A sustainable community is also one that is just and safe. The investment that we have made as a city in the establishment of our Salt Lake City Justice Court is paying off, both in terms of more efficient adjudication of misdemeanors, as well as in our ability to apply the principles of restorative justice to the prosecution of offenders. Restorative justice is an approach to responding to wrongdoing that seeks to restore - to make things better - for the offender, for victims, and for the community, including taxpayers. Restorative justice focuses on transforming wrongdoing by healing the harmful behavior that caused it and by allowing offenders to make reparations directly to the community and any victims they may have harmed. Last year we added a pilot DUI Court Project to our remarkable array of restorative justice programs. In the DUI Court Project, the focus is on both accountability and treatment for the defendants by providing intensive treatment, supervision, and interaction with a community review board.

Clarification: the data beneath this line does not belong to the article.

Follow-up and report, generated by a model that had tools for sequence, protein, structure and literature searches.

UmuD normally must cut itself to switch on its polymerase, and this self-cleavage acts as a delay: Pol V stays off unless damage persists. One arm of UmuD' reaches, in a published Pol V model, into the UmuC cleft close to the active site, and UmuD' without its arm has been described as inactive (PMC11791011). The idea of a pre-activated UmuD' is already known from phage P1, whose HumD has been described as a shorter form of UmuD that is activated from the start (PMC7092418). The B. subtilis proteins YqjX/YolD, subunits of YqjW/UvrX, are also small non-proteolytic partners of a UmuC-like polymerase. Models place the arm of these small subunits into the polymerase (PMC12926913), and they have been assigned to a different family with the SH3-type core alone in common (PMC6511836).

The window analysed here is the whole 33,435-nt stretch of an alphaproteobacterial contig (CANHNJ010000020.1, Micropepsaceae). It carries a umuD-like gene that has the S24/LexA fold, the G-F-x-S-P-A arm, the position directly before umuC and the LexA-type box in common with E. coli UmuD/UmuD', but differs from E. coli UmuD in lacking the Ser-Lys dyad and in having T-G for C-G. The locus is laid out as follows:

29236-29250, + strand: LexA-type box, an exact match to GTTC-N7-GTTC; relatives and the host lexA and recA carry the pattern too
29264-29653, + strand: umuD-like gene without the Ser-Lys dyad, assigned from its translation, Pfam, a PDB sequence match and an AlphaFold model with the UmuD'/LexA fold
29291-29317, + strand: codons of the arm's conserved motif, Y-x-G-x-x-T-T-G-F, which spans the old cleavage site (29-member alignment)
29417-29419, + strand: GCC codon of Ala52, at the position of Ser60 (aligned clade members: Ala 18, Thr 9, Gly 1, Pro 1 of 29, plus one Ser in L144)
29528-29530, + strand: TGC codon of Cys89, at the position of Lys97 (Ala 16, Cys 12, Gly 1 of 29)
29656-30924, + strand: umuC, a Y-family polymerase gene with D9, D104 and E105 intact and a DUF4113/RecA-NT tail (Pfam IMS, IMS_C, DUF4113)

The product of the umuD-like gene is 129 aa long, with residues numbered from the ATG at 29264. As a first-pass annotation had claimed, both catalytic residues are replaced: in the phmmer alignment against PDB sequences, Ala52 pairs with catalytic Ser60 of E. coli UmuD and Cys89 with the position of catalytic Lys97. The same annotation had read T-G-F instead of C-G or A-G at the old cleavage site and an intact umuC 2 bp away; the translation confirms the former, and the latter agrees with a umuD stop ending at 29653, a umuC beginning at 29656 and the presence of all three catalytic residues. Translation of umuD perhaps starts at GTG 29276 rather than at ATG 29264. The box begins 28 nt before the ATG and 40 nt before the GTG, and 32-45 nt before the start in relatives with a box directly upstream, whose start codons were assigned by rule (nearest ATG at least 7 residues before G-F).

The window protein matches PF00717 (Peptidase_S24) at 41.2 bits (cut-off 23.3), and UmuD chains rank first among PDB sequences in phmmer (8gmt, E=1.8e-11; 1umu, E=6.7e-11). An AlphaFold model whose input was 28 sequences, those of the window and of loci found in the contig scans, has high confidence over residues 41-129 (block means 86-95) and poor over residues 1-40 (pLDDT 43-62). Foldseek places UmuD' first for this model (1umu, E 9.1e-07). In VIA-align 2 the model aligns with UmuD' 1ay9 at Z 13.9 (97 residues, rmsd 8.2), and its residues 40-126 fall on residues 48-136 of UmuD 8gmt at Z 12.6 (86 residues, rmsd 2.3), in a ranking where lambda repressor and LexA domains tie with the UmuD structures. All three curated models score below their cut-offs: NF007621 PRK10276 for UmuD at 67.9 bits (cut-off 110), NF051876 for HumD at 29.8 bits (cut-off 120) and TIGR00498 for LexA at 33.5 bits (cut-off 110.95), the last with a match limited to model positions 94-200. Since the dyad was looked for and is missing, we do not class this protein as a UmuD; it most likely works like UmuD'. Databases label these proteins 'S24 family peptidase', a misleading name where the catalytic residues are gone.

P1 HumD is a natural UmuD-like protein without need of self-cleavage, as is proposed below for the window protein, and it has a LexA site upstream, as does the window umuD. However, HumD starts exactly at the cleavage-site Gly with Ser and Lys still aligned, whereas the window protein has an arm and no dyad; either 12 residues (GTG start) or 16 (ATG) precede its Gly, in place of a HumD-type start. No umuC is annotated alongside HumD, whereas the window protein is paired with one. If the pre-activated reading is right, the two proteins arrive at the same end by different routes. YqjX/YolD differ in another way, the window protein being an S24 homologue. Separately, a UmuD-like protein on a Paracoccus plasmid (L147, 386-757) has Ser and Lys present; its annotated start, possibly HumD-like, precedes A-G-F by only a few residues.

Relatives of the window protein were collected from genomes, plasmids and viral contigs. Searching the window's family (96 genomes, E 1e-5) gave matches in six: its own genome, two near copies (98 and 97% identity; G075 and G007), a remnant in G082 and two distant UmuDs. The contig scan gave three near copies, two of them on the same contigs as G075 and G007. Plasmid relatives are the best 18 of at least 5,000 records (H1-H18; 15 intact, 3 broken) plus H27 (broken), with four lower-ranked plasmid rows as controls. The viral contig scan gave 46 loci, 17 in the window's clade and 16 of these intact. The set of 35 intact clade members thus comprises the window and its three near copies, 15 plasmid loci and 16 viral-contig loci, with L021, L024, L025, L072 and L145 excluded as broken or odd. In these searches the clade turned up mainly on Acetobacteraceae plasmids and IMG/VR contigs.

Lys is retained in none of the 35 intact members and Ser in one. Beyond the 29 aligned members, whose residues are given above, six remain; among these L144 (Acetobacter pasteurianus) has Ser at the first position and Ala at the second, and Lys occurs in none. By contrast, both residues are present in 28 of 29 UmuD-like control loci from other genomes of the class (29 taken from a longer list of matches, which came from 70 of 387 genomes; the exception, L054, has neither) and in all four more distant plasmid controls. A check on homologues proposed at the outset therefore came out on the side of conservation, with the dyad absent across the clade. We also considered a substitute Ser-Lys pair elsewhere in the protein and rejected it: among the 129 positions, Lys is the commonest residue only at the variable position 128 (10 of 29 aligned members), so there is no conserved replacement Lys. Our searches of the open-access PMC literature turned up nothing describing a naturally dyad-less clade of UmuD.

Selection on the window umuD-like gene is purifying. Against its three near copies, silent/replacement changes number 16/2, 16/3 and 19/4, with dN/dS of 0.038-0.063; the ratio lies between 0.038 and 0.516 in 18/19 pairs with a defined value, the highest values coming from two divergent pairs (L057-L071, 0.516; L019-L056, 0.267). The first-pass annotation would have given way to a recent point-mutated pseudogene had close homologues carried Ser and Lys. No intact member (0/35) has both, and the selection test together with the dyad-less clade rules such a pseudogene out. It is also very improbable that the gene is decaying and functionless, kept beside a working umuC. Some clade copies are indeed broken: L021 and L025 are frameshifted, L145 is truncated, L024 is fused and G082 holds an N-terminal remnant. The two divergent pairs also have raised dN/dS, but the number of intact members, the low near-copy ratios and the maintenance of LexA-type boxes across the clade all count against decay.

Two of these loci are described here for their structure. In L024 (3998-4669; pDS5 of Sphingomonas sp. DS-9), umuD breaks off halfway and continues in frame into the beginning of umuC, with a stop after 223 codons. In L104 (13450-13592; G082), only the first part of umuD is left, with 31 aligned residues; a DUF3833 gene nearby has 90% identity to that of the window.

Our Police and Fire Departments continue to provide the citizens of Salt Lake City with high quality professional service. In Salt Lake City during 2004, Part I crimes were down by approximately 2.1%. The Police Department continues to improve efficiency through the use of technology and is also using advanced technology to solve cold cases. The Fire Department maintains its high standard of excellence, with its average response time being 4 minutes and 19 seconds, much faster than the national average of five minutes. On behalf of all the residents of Salt Lake City, I express gratitude to our outstanding firefighters and police officers for all they do to make our city safe and secure - and thank Chief Chuck Querry of the Salt Lake City Fire Department and Chief Rick Dinse of the Salt Lake City Police Department for their steady and outstanding leadership, often under very trying circumstances.